Statistics and quantitative skills are far more useful for the average person. With a greater emphasis on statistics and mathematical reasoning, the average person becomes better informed and more capable in the workplace at large. That can’t be a bad thing, and non-STEM majors will be better off following that route.

The flip side of the coin, though, is downright alarming. Our supposed best and brightest – STEM majors – are also struggling in math. Bigly.

A large number of college freshmen exhibit a truly stunning level of deficiency in mathematics. The same is true for those making the leap from middle to high school.

It was hoped that Common Core would help remedy this situation, but that has not come to fruition. Conceptually, Common Core math is a great idea – get students to think about math the same way that a math genius thinks about it, and they’ll succeed.

Though a great idea in theory, the rollout has been awful. If you are the parent of a school-age child, you’ve been witness to that fact.

Those who succeed in math do so because they have a keen number sense, and they use it to develop shortcuts in their problem-solving methods. For example, we’ve traditionally added 13 and 17 vertically – first adding the ones column and carrying, then adding the tens column to get a total of 30.

But students with strong number sense inherently think of 13 as 10 + 3 and 17 as 10 + 7. They then add the 3 and 7 to get 10, followed by adding that 10 with the other two to get 30. On paper, it looks something like this:

13 + 17

10 + 3 + 10 + 7

10 + 10 + 3 + 7

10 + 10 + (3 + 7)

10 + 10 + 10 = 30

It seems unnecessarily long and complex, but students with sound number sense perform all these operations in a split second. This is but one example of many.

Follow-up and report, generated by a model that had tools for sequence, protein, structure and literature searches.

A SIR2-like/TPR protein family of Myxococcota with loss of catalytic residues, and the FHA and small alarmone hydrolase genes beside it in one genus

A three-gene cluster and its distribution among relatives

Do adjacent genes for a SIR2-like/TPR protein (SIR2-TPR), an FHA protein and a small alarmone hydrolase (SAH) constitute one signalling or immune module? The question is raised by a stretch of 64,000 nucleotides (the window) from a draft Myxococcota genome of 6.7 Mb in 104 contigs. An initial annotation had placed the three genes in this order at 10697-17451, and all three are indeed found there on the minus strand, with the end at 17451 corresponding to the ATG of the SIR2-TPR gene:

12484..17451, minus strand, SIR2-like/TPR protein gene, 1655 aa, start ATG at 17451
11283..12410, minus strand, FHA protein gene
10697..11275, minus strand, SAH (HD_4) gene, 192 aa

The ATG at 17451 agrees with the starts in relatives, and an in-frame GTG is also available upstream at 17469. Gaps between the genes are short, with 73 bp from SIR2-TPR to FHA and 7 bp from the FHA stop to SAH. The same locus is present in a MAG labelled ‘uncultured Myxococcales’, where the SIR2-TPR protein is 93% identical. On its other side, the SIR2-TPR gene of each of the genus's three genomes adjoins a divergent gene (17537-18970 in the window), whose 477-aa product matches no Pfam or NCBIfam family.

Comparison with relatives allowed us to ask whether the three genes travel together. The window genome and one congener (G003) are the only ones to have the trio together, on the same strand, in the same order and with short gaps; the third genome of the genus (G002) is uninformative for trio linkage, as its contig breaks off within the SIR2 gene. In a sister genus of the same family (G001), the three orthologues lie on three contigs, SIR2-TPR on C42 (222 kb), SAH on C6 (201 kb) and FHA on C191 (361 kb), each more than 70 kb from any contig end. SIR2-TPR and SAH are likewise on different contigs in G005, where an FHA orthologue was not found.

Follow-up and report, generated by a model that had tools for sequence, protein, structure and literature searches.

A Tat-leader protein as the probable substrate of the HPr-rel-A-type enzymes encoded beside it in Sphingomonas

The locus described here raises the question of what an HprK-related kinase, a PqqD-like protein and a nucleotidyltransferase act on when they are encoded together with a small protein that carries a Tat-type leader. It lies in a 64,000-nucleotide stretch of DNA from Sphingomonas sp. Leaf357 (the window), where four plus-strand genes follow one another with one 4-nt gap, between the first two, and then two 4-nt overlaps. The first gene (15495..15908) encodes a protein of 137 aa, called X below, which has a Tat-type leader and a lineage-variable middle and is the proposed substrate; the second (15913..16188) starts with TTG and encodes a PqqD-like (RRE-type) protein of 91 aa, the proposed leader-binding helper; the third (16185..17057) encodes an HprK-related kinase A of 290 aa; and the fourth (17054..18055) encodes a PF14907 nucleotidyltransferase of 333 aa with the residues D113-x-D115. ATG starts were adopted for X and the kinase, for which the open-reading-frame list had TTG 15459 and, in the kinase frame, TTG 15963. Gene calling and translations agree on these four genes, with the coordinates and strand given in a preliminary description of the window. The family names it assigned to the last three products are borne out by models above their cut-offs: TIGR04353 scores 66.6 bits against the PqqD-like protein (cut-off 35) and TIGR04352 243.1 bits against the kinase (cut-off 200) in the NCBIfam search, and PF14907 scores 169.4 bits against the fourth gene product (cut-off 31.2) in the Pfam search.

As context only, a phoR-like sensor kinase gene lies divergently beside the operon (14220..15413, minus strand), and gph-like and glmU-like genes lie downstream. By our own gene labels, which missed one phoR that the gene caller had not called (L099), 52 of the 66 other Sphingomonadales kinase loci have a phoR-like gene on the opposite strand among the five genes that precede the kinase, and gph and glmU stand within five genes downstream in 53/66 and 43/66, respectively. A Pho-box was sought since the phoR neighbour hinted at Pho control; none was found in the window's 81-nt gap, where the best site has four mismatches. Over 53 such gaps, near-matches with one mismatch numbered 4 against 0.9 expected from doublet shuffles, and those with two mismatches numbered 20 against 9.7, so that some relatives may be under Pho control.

The problem is that we’re asking people who’ve never had to think this way before to teach children how to do it. At the end of the day, everyone – student, teacher, and parents – comes away frustrated. The issue actually predates Common Core, but has become magnified since its inception.

This is not to say that elementary teachers are bad or lazy or stupid, but rather that we’re not training them well and we’re asking them to teach subjects they admittedly don’t fully understand. As a thirteen-year veteran of teaching high school math, this writer has been witness to multiple otherwise great elementary teachers saying “I’m just not good at math”.

Starting in middle school, math teachers are required to specialize in mathematics. That’s not always the case at the elementary level – which is why one of the most important questions to ask at the elementary open house is “What were your favorite subjects?”

Put another way, I love my general practitioner. He’s got the most knowledge and best bedside manner of any doctor I’ve ever known. But if he told me I needed a liver transplant, I’d want a specialist to do it.

In short, we often ask general education practitioners to give our kids number sense transplants, even though number sense is the key to math success and those practitioners don’t fully understand it.

There are many things we can do to fix our math problem. The three below would make for a good start.

First, train our educators better. Teaching math well requires that one have a much deeper understanding of content than the level at which they’re teaching.

Second, redesign our curriculum with a focus on number sense and other overarching concepts at the earliest levels.

Third, change our expectations. Our workforce is quickly shifting toward skilled trade workers. Our training of that workforce should be shifting as well.

Increased post-secondary opportunities mean that we no longer need to require that everyone learn everything. We need to explain to them the importance of getting to work on time and increasing their value to their employer. They should be able to file their taxes, apply for a mortgage, and know where and how to vote.

They should also understand that every choice they make – including what they choose to learn – comes with both opportunities and consequences. But not everyone needs to know how to solve a logarithmic equation.

And as a colleague noted last week – let’s talk about literature. Do I really have any reason to drag out those old Beowulf notes?